Collins German Dictionary – Complete and Unabridged 7th Edition 2005. © William Collins Sons & Co. Ltd. 1980 © HarperCollins Publishers 1991, 1997, 1999, 2004, 2005, 2007

recipient

[rɪˈsɪpɪənt] n (of letter) → destinatario/a; (of cheque) → beneficiario/a; (of award) → assegnatario/a
Collins Italian Dictionary 1st Edition © HarperCollins Publishers 1995

recipient

(rəˈsipiənt) noun
a person who receives something. the recipient of a letter.
Kernerman English Multilingual Dictionary © 2006-2013 K Dictionaries Ltd.

recipient

مُسْتَلِم příjemce modtager Empfänger παραλήπτης recipiente vastaanottaja bénéficiaire primatelj destinatario 受取人 수령인 ontvanger mottaker odbiorca beneficiário, recebedor адресат mottagare ผู้ได้รับ alıcı người nhận 接受者
Multilingual Translator © HarperCollins Publishers 2009

re·cip·i·ent

1. n. receptor, vasija, recipiente;
2. paciente que recibe una transfusión, un implante de tejido u órgano de un donante; [as in an organ receiver];
3. receptor, [mail] destinatario.
English-Spanish Medical Dictionary © Farlex 2012

recipient

n (of a transfusion, transplant, etc.) receptor -ra mf (de una transfusión, un trasplante, etc.)
English-Spanish/Spanish-English Medical Dictionary Copyright © 2006 by The McGraw-Hill Companies, Inc. All rights reserved.
References in classic literature ?
The warm greetings and felicitations of which our travellers were the recipients may be imagined.
The delighted recipients of these munificent gifts would gladly have poured out their thanks to their generous benefactor, but they had seen him, upon quitting the hut, merely give some orders to a sailor, and then springing lightly on horseback, leave Marseilles by the Porte d'Aix.
(including livery-stable-keepers, butlers and cooks) not to know exactly on which evenings people were free; and it was thus possible for the recipients of Mrs.
The cordial thanks of the Hosannah office are due, from editor down to devil, to the ever courteous and thought- ful Lord High Stew d of the Palace's Third Assistant V t for several sau- cets of ice cream a quality calculated to make the eye of the recipients hu- mid with gratitude; and it done it.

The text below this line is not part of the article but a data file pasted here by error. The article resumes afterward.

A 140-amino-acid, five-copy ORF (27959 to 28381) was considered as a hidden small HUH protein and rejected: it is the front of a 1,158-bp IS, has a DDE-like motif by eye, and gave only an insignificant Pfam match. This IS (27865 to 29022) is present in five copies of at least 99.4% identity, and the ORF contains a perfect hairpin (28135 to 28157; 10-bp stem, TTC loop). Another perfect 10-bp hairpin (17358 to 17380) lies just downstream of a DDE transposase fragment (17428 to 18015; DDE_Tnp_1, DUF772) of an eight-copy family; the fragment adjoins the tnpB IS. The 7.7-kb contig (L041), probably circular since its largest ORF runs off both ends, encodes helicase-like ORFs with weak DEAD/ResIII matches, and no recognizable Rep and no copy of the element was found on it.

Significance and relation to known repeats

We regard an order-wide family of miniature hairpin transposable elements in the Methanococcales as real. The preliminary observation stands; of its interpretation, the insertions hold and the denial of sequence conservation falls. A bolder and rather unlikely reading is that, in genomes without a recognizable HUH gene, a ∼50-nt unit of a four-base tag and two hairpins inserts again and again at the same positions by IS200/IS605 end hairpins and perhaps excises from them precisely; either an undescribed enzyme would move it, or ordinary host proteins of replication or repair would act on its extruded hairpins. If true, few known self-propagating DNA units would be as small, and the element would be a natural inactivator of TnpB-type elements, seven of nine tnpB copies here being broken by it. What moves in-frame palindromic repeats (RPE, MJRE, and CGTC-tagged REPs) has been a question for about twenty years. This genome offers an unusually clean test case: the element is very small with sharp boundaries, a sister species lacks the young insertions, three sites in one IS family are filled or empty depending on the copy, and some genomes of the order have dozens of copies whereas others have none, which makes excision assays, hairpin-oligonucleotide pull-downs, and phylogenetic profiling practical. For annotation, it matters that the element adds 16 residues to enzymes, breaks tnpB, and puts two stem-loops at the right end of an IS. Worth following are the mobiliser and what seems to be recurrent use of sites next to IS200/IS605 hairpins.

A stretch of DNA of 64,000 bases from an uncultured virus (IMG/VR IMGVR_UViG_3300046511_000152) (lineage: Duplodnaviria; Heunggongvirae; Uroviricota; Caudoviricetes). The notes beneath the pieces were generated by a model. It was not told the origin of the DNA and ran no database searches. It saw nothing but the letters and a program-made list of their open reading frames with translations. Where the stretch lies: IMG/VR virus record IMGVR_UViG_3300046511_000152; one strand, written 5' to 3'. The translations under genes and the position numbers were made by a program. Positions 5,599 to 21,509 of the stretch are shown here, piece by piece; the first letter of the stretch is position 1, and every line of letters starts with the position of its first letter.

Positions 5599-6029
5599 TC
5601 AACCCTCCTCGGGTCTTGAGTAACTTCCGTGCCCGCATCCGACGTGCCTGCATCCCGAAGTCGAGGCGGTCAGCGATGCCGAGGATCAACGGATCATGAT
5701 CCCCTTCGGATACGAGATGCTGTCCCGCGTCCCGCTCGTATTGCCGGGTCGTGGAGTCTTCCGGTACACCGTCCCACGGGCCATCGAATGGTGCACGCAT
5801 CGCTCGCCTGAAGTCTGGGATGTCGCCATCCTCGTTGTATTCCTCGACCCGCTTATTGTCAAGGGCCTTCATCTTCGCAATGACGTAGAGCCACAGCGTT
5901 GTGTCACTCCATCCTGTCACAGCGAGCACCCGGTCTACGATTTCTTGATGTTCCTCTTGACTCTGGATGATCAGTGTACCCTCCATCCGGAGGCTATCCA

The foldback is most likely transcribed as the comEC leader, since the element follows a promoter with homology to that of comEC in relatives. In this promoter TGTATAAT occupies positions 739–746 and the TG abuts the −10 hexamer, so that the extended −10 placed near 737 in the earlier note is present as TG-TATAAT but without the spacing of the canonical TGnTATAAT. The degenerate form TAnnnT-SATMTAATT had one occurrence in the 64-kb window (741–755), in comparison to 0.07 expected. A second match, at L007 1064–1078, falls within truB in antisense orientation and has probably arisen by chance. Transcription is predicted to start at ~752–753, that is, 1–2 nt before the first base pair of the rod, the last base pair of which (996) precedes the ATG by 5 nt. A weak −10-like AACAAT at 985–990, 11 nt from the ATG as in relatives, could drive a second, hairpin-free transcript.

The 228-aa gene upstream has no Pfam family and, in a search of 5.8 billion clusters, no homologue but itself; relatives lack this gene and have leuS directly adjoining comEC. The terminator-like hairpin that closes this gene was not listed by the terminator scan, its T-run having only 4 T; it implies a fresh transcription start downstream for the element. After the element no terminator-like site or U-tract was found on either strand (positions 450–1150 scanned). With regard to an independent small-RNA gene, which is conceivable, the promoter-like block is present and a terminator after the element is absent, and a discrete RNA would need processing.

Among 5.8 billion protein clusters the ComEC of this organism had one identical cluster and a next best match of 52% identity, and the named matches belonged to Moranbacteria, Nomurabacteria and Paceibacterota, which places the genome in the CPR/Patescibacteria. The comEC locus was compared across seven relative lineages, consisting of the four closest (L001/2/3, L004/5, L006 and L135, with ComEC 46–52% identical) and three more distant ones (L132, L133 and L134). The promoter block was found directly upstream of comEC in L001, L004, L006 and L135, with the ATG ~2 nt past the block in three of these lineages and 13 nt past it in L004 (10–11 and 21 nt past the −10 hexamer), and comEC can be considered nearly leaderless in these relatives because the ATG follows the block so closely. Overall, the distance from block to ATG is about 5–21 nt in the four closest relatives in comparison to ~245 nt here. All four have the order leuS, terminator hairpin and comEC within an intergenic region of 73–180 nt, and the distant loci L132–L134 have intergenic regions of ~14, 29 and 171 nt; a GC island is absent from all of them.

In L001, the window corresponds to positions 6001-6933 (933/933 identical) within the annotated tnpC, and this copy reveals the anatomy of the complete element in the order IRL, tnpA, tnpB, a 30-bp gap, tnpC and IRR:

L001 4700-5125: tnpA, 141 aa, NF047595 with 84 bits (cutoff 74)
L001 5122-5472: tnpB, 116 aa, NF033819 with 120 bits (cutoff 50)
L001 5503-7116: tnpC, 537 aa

I do not stop to inquire whether we are both the victims of a delusion, or whether we are the chosen recipients of a supernatural communication.
As my eyes met theirs I was, for the second time, the recipient of their zealously guarded applause.
Some years later, the second mate, the recipient of that almost involuntary mutter, could have told his captain that a man brought up in big ships may yet take a peculiar delight in what we should both then have called a small craft.
He knew much more than Philip, both of the world and of books; he was a much older man; and the readiness of his conversation gave him a certain superiority; but he was in the hospital a recipient of charity, subject to strict rules; and he held himself between the two positions with ease and humour.
He gave me some letters of introduction, in the name, I think, of my travelling companion; they bore reference to a supposititious little boy who had been left with a widowed mother who didn't know what to do with him; the poor lady had thought, as a means of thawing the tardy compassion of her relations in his behalf, of sending him to a Yorkshire school; I was the poor lady's friend, travelling that way; and if the recipient of the letter could inform me of a school in his neighbourhood, the writer would be very much obliged.
When I went back on the morrow the little maidservant conducted me straight through the long sala(it opened there as before in perfect perspective and was lighter now, which I thought a good omen) into the apartment from which the recipient of my former visit had emerged on that occasion.
Thus, for example, the individual who defiled a drinking-place would be attacked by every onlooker, while one who deliberately gave a false alarm was the recipient of much rough usage at our hands.
How he, the recipient of that letter, was directly led to the belief that these must be the very wanderers for whom so much search had been made, and whom Heaven had directed to his brother's care.